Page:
Michille: Adverbs and Other Writing ‘Mistakes”

adverbsElizabeth’s post about Nancy Drew earlier this month brought up some reasons for the success of that series. It brought to mind one of the things that pops into my head whenever I see the blanket advice that adverbs are bad – cut them. The ghost writers for the Nancy Drew series used adverbs heavily – Nancy and Ned and Bess and George did everything somehow-ly. When I write my first draft, I also use a lot of adverbs. In editing, I type ly in the find box and try to strengthen the verb that is qualified by the adverb. Sometimes I can and sometimes I like the way I wrote it in the first place.

I found a good article about removing all those ‘bad’ things. In it, the author states that the great literary writers used passive voice and adverbs to layer complexity in their stories. I saw another one in which the author said he listened to a best-selling author tell a group to never use the word said because it’s boring and repetitious. The writer said to never repeat verbs that deal with speaking. The author of the article then gave a funny excerpt where he did this using words like mumbling, shouting, profaning, teasing, snarling, squealing, averring, blaming, and even ejaculating. It ended up being more of a joke than a passage of fiction.

Getting rid of all these bad things – adverbs, passive voice, gerunds – can lead to homogenous writing. This sentence is a good one (IMHO): Softly, slyly, Sylvia leaned close to Buck and said, “Let’s you and me spend a little time together, and never whisper a word about it to your wife.” It breaks some of those ‘never use’ rules and I like it. I will continue to search my manuscripts for *ly, was/were, and *ing, but I will cut them judiciously.

For those of us who remember Saturday morning cartoons and Schoolhouse Rock – Lolly Lolly Lolly Get Your Adverbs Here.

How do you feel about these rules? Do you break them intentionally or do you follow them?

13 thoughts on “Michille: Adverbs and Other Writing ‘Mistakes”

  1. I have to say that I’m pretty much a rules follower. For one thing, I learned the rules a long time ago, and it’s hard to undo a lifetime of practice. And I’m a professional editor, and I see improvable writing all the time. I recently read a manuscript that had a utterly fantastic story, but every time a character moved, s/he “walked” with an adverb. It’s important for beginning writers to see that repetitive usage and understand that a stronger verb is not just more interesting, but can reveal character, too. Does s/he slink, storm, stride, glide, rush? Perhaps you don’t have to show the movement at all. She can just get up from the chair and throw open the door. I’m all for variety and I’d never say, never use an adverb. But like everything, the words you choose should be a conscious decision that help to tell the story in the best way possible.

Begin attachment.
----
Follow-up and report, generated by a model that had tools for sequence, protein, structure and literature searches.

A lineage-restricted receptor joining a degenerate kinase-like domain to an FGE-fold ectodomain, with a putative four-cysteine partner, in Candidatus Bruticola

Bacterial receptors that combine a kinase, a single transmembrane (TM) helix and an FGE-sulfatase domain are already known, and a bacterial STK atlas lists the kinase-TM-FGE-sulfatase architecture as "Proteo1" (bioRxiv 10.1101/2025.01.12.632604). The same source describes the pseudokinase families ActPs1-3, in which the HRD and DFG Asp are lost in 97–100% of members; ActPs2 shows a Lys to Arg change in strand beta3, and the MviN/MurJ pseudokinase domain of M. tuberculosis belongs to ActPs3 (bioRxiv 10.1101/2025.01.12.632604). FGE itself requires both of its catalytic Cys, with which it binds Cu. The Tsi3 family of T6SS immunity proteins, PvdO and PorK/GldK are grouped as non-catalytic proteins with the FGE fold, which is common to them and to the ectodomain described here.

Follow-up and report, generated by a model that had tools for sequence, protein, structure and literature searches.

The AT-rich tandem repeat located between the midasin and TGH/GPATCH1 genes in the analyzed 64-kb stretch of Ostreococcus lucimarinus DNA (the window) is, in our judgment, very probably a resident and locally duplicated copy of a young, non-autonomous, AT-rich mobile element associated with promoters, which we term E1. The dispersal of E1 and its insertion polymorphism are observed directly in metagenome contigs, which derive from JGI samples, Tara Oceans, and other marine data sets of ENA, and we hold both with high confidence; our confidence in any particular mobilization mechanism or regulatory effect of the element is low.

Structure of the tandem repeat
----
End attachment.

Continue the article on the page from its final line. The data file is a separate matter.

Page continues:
• I agree and when I went through my manuscript I was able to get rid of more than half my *ly words. Of course some of those were words like ‘family’ so the total *ly word count isn’t necessarily adverbs, but sometimes adverbs work better – in speech because people say them or rhythm of the sentence are two examples I can think of.

  2. I have to say, thesaurus.com has become my best friend, for precisely the reasons Kay described above (find another word besides “walked”). I tend to use adverbs in my first drafts, then try to pick them out when I edit, but I think there’s a good use for them, particularly when you’re describing a sex scene. Otherwise, it just gets too wordy. Also in dialogue (and certainly for Regency-era dialogue, where everything is “terribly this” and “exceedingly that”).

    As for -ing and was/were, I pay more attention to was/were than -ing, because of the whole passive voice thing. It’s something I need to focus on, as it’s easy for me to slip into passive voice. But I don’t avoid it entirely. I think there’s a balance between these rules and having something sound/read well.

    • So true. Some of the incidents of ‘was’ that I found were easy to fix: she was kneeling – she knelt. I found the one blog post about using passive voice to layer the story interesting. I need to read like a writer for that in some of the stories that I like because them seem to be expressing more than one thing. I’ve been on a Courtney Milan kick lately (very tight, fabulous conflict locks) – I need to read her stuff like a writer to see if she does it.

  3. I say phooey to the rules. The adverb thing in particular drives me crazy – the whole of the English language should be our incredibly rich toolbox to create word pictures for our readers. It is crazy to rule out a perfectly good ‘tool’ – i.e. the adverb. In particular, I would say that Elmore Leonard’s rules were designed for a specific style of ‘noir’ writing that he did, and that is quite distinct from the genre/form most of us are writing in. Surely, the issue here is variety – of course, if someone whacks an adverb onto every verb, it looks clunky and crap, but so do lots of other things.